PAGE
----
Does It Matter Which Index Fund You Use?

In recent months, I’ve looked at whether it matters which actively managed funds you invest with.  The answer was an emphatic yes.  There is a world of performance difference between managed funds even in the same investment style like small cap or large cap.  In this article, the question to answer is whether it matters which passively managed index fund you use?  The answer might surprise you.  After all, these all invest in the same funds.  The chart below will help to see clearly that the answer over time is yes, it makes a substantial difference.

The chart compares the results of six funds that invest in the same stocks with the same passive index strategy.  They all seek to mimic the return of the S&P 500 before fees and expenses.  The six funds compared are VFINX is Vanguard Index Fund 500, investor class, SPIBX is Invesco S&P 500 Index Fund, class B, OEICX is JP Morgan Equity Index Fund, class C, PEOPX is Dreyfus S&P 500 Index Fund, FAEIX is Nuveen Equity Index Fund, class A, and PSIAX is Prudential QMA Stock Index Fund.

04.18.16 blog graph

Each of the six fund positions started with $10,000 on 12/31/1999.  This was right about the peak of the index craze and tech bubble.  It would take until 2013 or about 14 years later to actually make money using a passive index fund with a buy and hold strategy, but that is a different story.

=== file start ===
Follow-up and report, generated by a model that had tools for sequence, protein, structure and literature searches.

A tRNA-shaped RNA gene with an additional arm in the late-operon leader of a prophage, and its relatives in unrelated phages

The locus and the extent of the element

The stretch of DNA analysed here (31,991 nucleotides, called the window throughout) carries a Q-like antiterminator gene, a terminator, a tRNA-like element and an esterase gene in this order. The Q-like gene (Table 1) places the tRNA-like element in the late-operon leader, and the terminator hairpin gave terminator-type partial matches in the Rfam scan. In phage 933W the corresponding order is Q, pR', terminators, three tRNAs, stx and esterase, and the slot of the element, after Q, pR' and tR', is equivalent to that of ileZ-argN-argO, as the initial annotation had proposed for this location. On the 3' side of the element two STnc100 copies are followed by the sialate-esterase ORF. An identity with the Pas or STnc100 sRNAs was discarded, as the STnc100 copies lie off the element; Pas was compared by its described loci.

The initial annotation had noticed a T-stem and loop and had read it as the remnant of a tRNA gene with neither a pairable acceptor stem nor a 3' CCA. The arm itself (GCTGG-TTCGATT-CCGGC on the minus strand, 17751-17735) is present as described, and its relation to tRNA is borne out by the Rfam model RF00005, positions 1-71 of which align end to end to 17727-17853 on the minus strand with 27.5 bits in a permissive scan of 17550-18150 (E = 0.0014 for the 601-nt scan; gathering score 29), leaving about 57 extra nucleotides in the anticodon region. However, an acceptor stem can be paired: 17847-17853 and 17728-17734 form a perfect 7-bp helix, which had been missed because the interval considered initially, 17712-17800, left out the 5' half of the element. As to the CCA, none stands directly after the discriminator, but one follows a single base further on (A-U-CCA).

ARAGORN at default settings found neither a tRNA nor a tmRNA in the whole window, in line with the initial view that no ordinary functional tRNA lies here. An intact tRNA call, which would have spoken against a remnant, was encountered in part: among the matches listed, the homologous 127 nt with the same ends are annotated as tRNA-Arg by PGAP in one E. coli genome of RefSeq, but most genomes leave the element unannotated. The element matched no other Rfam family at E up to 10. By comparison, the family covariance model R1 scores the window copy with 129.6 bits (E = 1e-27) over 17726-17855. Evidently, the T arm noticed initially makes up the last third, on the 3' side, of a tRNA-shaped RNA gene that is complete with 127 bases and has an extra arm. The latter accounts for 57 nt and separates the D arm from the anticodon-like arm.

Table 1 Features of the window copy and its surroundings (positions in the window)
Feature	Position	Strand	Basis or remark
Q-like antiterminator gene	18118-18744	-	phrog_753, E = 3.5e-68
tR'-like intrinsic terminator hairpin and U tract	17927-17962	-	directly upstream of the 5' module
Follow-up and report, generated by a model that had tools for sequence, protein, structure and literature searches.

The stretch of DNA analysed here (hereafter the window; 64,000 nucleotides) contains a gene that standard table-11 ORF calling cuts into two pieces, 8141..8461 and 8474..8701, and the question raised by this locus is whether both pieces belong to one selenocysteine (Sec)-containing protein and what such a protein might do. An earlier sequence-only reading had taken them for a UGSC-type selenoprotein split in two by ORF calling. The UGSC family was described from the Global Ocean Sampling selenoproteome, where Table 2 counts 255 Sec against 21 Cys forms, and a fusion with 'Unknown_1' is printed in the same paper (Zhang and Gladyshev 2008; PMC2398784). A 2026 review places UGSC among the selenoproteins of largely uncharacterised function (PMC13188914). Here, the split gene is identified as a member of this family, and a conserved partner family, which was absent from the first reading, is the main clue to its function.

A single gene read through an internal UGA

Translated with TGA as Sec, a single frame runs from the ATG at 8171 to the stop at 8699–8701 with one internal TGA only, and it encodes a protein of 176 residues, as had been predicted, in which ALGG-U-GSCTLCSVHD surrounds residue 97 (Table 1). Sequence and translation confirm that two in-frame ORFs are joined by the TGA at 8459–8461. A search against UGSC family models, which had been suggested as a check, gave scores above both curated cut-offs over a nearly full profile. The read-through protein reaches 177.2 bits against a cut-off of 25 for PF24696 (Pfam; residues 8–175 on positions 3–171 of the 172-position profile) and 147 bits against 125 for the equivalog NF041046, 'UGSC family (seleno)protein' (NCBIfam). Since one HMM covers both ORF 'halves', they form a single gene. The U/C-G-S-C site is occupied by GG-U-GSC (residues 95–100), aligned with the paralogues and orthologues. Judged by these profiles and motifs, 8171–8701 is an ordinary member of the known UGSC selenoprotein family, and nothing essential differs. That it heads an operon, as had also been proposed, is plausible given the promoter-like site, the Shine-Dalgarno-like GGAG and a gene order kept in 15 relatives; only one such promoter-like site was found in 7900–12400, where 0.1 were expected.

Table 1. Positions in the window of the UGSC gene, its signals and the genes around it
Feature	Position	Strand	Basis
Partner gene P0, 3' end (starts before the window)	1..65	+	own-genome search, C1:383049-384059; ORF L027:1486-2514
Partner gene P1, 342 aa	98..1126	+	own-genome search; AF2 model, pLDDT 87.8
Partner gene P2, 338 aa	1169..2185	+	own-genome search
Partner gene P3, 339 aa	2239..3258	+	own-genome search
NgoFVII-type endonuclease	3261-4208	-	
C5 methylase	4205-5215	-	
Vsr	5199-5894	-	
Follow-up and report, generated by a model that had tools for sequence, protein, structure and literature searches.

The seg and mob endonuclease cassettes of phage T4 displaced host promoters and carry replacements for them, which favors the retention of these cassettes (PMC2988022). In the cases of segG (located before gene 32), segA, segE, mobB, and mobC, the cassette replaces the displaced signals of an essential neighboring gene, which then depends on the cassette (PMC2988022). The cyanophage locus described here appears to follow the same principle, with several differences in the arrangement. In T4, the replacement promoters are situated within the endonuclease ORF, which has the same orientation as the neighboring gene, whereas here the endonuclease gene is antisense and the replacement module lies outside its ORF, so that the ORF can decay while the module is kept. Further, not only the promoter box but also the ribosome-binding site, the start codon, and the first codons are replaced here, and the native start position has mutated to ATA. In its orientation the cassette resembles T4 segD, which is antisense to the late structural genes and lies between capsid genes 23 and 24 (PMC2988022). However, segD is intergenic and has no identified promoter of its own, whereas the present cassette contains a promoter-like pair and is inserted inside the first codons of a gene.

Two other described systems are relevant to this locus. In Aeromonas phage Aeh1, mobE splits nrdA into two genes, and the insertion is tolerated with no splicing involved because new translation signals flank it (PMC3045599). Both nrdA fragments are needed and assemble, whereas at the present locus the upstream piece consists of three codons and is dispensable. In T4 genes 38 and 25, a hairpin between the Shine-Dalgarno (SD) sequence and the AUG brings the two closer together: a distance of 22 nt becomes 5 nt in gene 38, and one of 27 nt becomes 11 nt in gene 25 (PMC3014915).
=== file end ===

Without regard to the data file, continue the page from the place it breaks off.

By year end 2015, each fund was up after 16 years to above $15,000 for a 50% gain, but the best fund gained $8,588, while the worst fund gained $5,312.  That is a 62% difference.

Results do not include any contributions or withdrawals over the months.  It does include dividends reinvested.

It was the same starting value at the same time, the same strategy, and the same index yet the end difference is striking!  If you had started with $1,000,000, the difference would be $327,000.

So, what accounts for the vast difference in results?  Fees and expenses matter.  Clearly the higher the fees you incur in your fund, the less return that nets to the shareholder.

Another issue is called tracking error.  It is the difference between what one buys or sells a stock for versus what the market is at the time of the trades.  Size will move the market, but it can also help to maintain the market.

Just like it matters which active fund you use, the passive index fund that you may also use will matter to your future wealth.